A working definition of heterodyning:
To generate new frequencies by mixing two or
in a nonlinear device such as a vacuum tube, transistor, or diode mixer.
Reginald Aubrey Fessenden (1866-1932) is usual credited with the
invention of the heterodyne principle (reference).
As an example, we revisit our discussion of DSB-AM where
we see how two frequencies are shifted by the nonlinear operation of
Example of a Nonlinear Characteristic - Diode (Rectifier)
Edwin Howard Armstrong's Superheterodyne Receiver
History of Radio
the way was paved for a bright engineer to devise useful
circuits to exploit the audion’s potential. That bright engineer was
Edwin Howard Armstrong
who invented the regenerative amplifier/detector
1912 at the tender age of 21.
a 1914 paper titled 'Operating Features of the Audion,' Armstrong
published the first
correct explanation for how the triode worked, and provided
experimental evidence to
support his claims. …He Armstrong
went on to develop circuits that continue to dominate communications
to this day. While a member of the U.S. Army Signal Corps during World
War I, Armstrong
became involved with the problem of detecting enemy planes from a
pursued the idea of trying to home in on the signals naturally
generated by their ignition
systems (spark transmitters again). Unfortunately, little useful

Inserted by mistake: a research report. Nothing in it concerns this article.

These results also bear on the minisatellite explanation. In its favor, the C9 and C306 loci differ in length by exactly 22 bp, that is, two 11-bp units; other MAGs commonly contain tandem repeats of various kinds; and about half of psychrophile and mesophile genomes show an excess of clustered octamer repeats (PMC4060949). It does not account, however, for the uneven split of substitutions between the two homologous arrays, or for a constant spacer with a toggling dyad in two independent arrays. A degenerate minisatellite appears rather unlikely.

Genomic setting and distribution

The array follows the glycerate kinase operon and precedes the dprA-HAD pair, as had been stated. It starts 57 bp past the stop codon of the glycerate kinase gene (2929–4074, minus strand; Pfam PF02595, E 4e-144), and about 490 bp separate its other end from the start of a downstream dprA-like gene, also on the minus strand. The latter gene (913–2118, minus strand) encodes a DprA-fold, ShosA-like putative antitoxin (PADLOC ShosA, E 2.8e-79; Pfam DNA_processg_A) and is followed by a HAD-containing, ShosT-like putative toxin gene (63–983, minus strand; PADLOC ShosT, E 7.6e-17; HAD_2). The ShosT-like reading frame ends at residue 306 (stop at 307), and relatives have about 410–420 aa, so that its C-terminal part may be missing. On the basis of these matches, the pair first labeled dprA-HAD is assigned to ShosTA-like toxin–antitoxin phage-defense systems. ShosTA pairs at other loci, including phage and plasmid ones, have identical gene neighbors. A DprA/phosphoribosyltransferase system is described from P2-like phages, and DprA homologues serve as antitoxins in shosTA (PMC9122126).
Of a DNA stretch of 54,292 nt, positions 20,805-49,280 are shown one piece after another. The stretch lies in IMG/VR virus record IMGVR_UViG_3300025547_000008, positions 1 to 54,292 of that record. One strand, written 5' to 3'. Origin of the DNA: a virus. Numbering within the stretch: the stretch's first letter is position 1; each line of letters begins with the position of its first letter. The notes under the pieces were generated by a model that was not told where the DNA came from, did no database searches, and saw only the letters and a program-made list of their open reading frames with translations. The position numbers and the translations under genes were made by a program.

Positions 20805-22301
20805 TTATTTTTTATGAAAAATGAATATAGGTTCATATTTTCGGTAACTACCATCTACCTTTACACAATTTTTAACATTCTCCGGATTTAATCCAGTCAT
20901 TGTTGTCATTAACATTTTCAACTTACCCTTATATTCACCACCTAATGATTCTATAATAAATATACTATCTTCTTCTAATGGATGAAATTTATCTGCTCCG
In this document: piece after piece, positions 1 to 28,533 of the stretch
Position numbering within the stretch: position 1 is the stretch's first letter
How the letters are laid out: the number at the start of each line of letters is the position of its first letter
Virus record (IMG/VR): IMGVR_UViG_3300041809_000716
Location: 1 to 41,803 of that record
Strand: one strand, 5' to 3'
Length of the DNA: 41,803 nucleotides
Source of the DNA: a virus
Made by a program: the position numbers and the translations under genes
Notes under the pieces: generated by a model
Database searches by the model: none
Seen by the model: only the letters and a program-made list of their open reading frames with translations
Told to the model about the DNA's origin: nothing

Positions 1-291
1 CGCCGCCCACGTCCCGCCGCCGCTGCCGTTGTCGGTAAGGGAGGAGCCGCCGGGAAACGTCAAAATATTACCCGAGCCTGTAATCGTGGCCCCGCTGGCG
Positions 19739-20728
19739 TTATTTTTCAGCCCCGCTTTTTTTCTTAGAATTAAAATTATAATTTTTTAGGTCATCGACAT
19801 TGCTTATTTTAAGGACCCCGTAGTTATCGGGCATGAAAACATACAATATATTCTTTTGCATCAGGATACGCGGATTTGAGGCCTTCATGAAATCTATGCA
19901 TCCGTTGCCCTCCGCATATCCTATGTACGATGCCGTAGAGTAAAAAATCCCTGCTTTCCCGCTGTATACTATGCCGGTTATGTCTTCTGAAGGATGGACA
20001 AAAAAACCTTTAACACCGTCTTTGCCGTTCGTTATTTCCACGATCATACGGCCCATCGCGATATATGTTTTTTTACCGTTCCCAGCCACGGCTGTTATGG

radiation was found below
about 1MHz, and it was exceedingly difficult with the tubes available
at that time to get
much amplification above that frequency. …
so Armstrong had
work cut out for him.
He solved the problem by employing a principle originally used by
Poulsen and later elucidated
decided to employ Fessenden’s heterodyne principle in a different way.
than using it to demodulate CW directly, he used the heterodyne method
to convert an
incoming high frequency RF signal into one at a lower frequency, where
high gain and
selectivity could be obtained with relative ease. This signal, known as
frequency (IF), was then demodulated after much filtering and
amplification at the IF had
been achieved. The receiver could easily possess enough sensitivity so
that the limiting
factor was actually atmospheric noise (which is quite large in the AM
Furthermore, a single tuning control was made possible, since the IF
amplifier works at a
This page was prepared and is maintained by R.
Comments to: firstname.lastname@example.org.
updated March 23, 2004